SExposure to reactive oxygen species (ROS) can give rise to the formation of various DNA damage products. Among them, d(G[8-5m]T) can be induced in isolated DNA treated with Fenton reagents and in cultured human cells exposed to c-rays, d(G[8-5m]T) can be recognized and incised by purified Escherichia coli UvrABC nuclease. However, it remains unexplored whether d(G[8-5 m]T) accumulates in mammalian tissues and whether it is a substrate for nucleotide excision repair (NER) in vivo. Here, we found that d(G[8-5 m]T) could be detected in DNA isolated from tissues of healthy humans and animals, and elevated endogenous ROS generation enhanced the accumulation of this lesion in tissues of a rat model of Wilson's disease. Additionally, XPA-deficient human brain and mouse liver as well as various types of tissues of ERCC1-deficient mice contained higher levels of d(G[8-5 m]T) but not ROS-induced single-nucleobase lesions than the corresponding normal controls. Together, our studies established that d(G[8-5 m]T) can be induced endogenously in mammalian tissues and constitutes a substrate for NER in vivo.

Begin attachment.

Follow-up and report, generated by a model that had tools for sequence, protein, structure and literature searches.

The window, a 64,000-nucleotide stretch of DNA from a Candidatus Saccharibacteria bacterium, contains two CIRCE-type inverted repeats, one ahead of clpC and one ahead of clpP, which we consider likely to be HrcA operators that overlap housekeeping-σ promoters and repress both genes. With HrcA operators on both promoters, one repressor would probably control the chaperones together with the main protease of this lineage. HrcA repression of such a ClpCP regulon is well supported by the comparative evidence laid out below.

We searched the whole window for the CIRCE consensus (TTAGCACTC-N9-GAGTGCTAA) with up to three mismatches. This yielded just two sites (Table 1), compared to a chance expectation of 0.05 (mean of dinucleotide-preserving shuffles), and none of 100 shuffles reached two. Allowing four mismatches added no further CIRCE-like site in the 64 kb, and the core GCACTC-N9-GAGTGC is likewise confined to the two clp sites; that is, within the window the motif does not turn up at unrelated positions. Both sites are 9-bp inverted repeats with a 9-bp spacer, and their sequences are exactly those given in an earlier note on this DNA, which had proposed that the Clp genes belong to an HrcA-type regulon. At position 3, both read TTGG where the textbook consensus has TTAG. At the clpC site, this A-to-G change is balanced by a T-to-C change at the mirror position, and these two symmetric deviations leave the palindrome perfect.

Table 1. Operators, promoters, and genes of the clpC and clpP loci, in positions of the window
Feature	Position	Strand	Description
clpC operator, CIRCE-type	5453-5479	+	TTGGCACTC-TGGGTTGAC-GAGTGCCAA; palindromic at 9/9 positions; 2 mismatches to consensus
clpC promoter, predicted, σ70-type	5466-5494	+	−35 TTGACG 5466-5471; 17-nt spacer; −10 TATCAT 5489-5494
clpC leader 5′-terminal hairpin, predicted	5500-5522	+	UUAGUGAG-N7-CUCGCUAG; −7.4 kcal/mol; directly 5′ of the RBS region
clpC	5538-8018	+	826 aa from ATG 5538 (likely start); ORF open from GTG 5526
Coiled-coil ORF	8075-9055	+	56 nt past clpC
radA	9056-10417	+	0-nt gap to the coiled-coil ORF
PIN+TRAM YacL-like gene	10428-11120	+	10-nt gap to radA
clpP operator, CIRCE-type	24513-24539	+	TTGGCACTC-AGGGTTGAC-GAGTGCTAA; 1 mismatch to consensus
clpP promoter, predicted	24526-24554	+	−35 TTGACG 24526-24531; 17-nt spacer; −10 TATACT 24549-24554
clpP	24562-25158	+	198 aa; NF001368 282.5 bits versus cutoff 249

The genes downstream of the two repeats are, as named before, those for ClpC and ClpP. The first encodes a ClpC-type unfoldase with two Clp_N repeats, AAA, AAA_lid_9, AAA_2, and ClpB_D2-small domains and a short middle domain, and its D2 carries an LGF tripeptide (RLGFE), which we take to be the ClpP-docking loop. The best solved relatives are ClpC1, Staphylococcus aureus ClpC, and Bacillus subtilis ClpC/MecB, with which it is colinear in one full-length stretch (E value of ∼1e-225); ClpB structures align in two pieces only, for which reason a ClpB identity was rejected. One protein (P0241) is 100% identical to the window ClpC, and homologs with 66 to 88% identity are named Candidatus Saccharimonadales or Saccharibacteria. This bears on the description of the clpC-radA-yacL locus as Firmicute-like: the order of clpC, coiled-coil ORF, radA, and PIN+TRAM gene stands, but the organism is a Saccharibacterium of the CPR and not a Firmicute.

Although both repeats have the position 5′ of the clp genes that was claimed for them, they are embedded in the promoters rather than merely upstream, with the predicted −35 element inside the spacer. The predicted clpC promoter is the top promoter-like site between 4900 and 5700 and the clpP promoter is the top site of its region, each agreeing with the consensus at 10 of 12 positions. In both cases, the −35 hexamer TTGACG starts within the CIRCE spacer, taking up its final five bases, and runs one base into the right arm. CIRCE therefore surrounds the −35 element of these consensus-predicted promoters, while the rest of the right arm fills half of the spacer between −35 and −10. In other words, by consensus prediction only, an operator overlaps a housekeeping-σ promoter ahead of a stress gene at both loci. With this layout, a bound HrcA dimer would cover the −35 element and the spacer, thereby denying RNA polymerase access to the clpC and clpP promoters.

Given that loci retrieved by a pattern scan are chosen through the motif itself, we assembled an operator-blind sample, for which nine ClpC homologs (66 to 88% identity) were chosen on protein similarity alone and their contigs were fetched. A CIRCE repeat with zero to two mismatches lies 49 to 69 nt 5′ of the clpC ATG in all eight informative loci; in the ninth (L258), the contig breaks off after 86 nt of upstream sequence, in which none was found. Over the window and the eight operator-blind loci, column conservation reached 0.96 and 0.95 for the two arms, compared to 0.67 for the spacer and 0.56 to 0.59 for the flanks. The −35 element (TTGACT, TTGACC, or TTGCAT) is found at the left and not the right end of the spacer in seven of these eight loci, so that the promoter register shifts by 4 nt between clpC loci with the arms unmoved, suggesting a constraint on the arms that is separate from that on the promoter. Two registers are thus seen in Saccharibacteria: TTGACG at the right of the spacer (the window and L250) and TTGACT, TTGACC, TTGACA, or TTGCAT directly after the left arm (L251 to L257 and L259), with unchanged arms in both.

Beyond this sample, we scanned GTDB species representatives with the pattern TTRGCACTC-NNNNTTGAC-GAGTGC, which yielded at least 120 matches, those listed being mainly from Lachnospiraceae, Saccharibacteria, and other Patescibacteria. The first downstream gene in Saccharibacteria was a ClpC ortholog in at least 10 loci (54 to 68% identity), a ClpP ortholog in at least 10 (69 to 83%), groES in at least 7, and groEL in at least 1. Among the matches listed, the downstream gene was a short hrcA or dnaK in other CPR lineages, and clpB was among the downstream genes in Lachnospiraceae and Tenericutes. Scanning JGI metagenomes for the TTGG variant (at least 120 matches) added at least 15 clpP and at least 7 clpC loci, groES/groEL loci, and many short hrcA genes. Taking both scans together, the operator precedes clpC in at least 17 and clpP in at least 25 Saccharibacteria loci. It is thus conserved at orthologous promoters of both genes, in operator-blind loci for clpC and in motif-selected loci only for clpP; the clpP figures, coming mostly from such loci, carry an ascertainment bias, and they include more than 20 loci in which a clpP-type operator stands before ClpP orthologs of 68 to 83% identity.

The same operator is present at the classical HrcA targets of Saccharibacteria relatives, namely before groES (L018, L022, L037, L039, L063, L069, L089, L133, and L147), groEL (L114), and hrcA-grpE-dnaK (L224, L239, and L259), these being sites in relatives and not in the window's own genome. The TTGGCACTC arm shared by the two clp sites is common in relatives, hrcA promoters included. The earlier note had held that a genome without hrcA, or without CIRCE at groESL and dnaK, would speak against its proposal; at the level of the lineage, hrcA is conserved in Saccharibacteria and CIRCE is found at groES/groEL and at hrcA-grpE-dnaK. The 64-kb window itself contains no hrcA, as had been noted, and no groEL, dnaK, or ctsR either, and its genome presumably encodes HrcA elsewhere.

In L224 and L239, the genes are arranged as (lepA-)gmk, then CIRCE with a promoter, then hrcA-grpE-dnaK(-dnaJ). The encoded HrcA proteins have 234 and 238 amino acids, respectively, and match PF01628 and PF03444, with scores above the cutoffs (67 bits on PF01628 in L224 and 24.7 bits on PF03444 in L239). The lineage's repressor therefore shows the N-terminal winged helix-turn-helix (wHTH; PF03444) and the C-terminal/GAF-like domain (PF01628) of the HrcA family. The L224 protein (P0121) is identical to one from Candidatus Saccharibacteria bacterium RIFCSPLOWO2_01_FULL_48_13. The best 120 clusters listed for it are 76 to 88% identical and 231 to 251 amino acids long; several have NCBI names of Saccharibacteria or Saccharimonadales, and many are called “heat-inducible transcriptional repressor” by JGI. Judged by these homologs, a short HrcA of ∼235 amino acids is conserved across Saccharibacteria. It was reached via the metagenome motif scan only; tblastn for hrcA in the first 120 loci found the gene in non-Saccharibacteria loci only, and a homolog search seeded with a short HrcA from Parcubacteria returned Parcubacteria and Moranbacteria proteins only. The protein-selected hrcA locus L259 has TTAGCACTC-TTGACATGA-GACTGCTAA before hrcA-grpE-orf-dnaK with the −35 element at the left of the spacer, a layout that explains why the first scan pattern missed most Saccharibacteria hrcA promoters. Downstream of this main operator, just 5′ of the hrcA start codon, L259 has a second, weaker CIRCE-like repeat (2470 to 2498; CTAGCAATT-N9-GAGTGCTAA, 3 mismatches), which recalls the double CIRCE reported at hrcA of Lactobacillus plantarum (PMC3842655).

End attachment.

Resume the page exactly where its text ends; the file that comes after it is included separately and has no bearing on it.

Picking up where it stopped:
Bibliographical noteFunding Information:
National Institutes of Health [R01 CA101864 to Y.W.; R01 ES016114 to L.J.N.; R01 DK071111, R01 DK088561 and P30 DK41296 to S.G.]. This project used the UPCI Transgenic Animal Facility and was supported in part by award [P30CA047904]. Funding for open access charge: NIH [R01 CA101864].